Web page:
I have no clue how Los Angeles got away with this. The Lakers were the big winners of this year’s deadline, adding players such as Mo Bamba and Rui Hachimura, but this was general manager Rob Pelinka’s magnum opus. The Lakers gave up a first rounder and Russell Westbrook, and in return, they got an upgrade at point guard in D’Angelo Russell. Russell is a much better fit for the Lakers’ offense than Westbrook, who is ball-dominant and a below-average shooter. Los Angeles also addressed two significant needs in shooting and frontcourt defense with Beasley and Vanderbilt, making them this trade’s big winner.

The Lakers certainly made out like bandits in this trade, but the Jazz also got a great return in Westbrook, Toscano-Anderson, Jones, and the Lakers’ 2027 first round pick. Utah is reportedly going to buy out Westbrook’s contract, worth $47 million per year, which will free up a ton of cap space. 

While Jones and Toscano-Anderson are spare parts, the Lakers’ 2027 pick is the real prize here. Los Angeles has a pretty old roster, meaning a rebuild could be on the horizon. Since the pick Utah received is unprotected, a Lakers rebuild in the future could make that first- rounder very valuable.

How Utah and Los Angeles got Minnesota to agree to this trade is beyond me. In exchange for D’Angelo Russell — a guard who still has a lot to offer a playoff team — the Timberwolves received guards Mike Conley and Nickeil Alexander-Walker as well as two second-round picks and a 2025 pick swap.

Conley is washed up, and he also has an enormous contract. Alexander-Walker has barely played this year. The second-round picks the Timberwolves received will most likely amount to very little. Why did they make this trade? This feels like a lateral move at best for a team stuck in neutral.

Lakers grade: A+

Jazz grade: A-

Timberwolves grade: D+

Jakob Poeltl returns to the Raptors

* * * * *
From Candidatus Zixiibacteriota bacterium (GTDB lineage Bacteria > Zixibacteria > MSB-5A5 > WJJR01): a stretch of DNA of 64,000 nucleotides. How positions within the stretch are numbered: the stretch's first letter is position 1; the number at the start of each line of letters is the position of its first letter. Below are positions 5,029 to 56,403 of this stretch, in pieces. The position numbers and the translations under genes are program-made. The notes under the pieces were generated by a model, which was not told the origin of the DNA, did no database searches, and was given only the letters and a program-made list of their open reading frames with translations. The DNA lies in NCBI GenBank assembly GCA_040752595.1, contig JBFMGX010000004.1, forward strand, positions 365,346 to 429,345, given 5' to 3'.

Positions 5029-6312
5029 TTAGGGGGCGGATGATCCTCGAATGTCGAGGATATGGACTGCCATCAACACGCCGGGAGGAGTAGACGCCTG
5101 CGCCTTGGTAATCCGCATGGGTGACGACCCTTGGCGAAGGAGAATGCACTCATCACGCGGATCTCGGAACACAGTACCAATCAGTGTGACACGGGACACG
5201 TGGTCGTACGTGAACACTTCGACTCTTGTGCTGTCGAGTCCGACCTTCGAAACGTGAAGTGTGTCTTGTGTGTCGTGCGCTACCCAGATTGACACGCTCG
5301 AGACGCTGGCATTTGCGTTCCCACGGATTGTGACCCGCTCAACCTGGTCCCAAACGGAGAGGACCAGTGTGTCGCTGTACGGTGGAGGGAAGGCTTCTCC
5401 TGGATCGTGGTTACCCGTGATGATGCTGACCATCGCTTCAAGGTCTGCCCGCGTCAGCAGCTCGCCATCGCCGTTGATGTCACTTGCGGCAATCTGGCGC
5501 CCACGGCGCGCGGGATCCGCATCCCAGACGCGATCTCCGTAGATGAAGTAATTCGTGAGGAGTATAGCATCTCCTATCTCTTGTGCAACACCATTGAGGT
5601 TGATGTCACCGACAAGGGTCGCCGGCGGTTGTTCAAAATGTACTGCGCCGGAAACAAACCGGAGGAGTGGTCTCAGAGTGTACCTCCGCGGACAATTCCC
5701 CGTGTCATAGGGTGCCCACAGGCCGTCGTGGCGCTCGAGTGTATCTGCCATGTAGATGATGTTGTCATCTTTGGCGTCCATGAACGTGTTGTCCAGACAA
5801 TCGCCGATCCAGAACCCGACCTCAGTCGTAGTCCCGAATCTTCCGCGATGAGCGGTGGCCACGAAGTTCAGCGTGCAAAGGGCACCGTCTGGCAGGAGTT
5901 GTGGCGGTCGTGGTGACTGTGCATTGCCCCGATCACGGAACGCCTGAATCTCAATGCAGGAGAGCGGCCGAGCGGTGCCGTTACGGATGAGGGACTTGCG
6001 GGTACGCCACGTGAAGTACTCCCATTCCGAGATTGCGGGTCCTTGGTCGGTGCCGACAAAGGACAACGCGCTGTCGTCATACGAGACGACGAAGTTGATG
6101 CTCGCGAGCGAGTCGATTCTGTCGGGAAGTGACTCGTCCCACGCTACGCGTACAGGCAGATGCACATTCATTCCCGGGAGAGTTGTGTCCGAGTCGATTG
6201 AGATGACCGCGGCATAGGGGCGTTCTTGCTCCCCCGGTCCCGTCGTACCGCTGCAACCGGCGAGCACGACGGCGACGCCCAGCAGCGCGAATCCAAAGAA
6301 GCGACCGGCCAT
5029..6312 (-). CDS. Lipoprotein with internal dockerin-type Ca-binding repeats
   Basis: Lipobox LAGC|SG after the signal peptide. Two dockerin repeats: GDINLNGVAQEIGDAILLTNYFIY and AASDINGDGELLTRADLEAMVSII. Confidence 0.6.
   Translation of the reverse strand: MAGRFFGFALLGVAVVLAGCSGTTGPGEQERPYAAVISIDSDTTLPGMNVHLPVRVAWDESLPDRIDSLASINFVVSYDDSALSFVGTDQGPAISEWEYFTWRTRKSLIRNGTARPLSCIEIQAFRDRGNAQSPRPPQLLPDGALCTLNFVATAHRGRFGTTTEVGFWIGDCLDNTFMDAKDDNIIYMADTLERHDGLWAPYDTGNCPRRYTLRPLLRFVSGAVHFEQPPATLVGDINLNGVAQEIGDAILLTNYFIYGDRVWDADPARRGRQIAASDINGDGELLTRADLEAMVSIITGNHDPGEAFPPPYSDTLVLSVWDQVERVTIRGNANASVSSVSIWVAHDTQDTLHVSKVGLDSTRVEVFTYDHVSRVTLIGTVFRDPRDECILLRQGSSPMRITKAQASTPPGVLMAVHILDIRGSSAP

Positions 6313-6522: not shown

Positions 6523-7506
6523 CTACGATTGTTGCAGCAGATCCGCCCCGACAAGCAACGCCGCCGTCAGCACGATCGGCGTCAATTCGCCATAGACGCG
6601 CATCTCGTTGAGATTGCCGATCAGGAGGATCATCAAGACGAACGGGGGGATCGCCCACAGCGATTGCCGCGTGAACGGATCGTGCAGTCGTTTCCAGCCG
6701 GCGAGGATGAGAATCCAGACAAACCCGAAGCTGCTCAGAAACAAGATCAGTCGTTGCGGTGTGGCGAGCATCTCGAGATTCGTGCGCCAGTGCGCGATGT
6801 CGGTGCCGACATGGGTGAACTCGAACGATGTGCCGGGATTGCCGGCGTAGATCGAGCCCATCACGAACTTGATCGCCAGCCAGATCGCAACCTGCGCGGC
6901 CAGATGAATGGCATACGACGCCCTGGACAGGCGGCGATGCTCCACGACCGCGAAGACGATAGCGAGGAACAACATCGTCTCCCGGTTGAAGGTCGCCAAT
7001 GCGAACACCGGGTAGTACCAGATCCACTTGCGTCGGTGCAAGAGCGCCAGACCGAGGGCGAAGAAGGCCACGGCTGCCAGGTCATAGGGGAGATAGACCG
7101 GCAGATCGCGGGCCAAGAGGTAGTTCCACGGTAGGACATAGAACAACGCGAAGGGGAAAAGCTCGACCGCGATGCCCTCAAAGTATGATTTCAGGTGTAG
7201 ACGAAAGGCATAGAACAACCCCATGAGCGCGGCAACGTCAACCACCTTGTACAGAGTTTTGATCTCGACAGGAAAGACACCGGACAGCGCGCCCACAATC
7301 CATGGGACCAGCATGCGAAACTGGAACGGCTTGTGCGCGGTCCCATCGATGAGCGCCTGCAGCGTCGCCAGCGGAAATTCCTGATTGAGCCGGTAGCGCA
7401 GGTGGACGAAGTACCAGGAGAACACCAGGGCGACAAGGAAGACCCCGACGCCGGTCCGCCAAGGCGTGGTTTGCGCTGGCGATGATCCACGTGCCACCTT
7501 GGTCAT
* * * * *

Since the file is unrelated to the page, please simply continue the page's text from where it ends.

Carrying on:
Poeltl has had the best season of his career so far in San Antonio, which explains why he was viewed as one of the best available assets headed into this year’s deadline. But instead of being dealt to a contender as many predicted, he was sent to Toronto. San Antonio is in the middle of a massive rebuild, so getting a first rounder and another center in Birch to replace Poeltl is a success. 

What’s puzzling to me is why the Raptors decided to trade for Poeltl. 

Sitting at 10th in the East, I expected Toronto to sell and start a rebuild, especially in a conference with so many good teams at the top. Pascal Siakam is in the middle of a career year, and his trade value had to be astronomical. Fred VanVleet and Scottie Barnes are both in the middle of disappointing seasons, but still could have fetched a decent return. OG Anunoby, one of the best defenders in the league, has been a hot name on the trade market for a couple of years now. 

Instead, the Raptors decided to buy. While Poeltl is a good player and a nice addition, one has to wonder: what’s the game plan for Toronto moving forward? They’re floundering near the bottom of the conference, and while they have a decent roster, they’ve been slowly getting worse for the past few years. It’s an odd move, especially for a front office with a track record as good as Toronto’s.

Raptors grade: C-

Spurs grade: B+

Mo Bamba to the Lakers

After dealing breakout center Thomas Bryant to Denver, many wondered whether the Lakers had another trade up their sleeve, considering the marginal return they received of Davon Reed and three second-round picks. Sure enough, Lakers general manager Rob Pelinka had another move in store, dealing the veteran Beverley for Mo Bamba.